Funny, no?


Ashish Saxena said…
Very nice article Michael.
In the current world where we have a lot of clients going to the route of the Multi-Tenant setup effectively to bring in efficiency, needs this understanding to better define the solution they are signing up of.

Popular posts from this blog

NoSQL talk at Developer Summit

Three days ago I had to chance to talk about NoSQL at the Internet Briefing's Developer Summit. On top of general ideas and concepts like the CAP theorem I chose to talk about Apache Jackrabbit, CouchDB and Cassandra. My slides are embedded below.
It was a really good event with interesting speakers and a knowledgeable audience. I was especially pleased that when I talked about CouchDB's HTTP API someone from the audience mentioned that Apache Sling does something very similar for Jackrabbit.
Special kudos to Christian Stocker of Liip for daring to do a live demo of the "real-time web" - he took a picture from his phone and had it pop up on Jabber and Twitter in about 5 secs.
Vlad Trifa has posted a good summary of the whole event (part 1, part 2) - he also gave a great presentation about the application of the REST architectural style to the "Web of Things".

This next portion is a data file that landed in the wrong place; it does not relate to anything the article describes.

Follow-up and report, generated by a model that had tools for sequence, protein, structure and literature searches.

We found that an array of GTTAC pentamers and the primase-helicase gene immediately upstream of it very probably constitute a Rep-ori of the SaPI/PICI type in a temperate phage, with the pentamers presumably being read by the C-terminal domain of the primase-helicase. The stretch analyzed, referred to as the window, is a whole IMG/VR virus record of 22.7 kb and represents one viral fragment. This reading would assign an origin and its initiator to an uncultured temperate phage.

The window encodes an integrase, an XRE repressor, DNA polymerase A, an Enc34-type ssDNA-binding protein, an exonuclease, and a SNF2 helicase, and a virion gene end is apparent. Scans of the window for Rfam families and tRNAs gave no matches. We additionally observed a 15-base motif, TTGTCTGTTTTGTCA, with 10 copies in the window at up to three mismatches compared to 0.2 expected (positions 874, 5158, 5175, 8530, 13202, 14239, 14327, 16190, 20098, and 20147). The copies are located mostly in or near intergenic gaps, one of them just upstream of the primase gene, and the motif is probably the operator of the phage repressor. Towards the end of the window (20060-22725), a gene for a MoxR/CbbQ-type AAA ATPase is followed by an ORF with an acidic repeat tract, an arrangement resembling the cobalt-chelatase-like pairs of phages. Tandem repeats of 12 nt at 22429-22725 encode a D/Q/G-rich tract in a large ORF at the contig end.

No SqlView more presentations from mmarth.

NoSQL: A long-time relation(ship) comes to an end

(cross-posting from here)

OK, I admit it, declaring that "the RDBMS is dead" is a meme that has been going around the software industry for a while. Remember object-oriented data bases that were supposed to replace the relational ones? Well, guess who is still here. However, despite the RDBMS's amazing survival skills I would like to propose a related prediction:

I believe that the year 2009 will go down in history as the year when the "relational model default" ended. The term "relational model default" was coined by me to describe a peculiar thing that goes on in application development: start talking to your average application developer about some arbitrary business requirement and chances are that simultaneously he mentally constructs a relational model to fit those requirements.
That relational approach to modeling your problem may or may not be suitable. The real problem is that all too often this default does not get challenged. As a consequence,…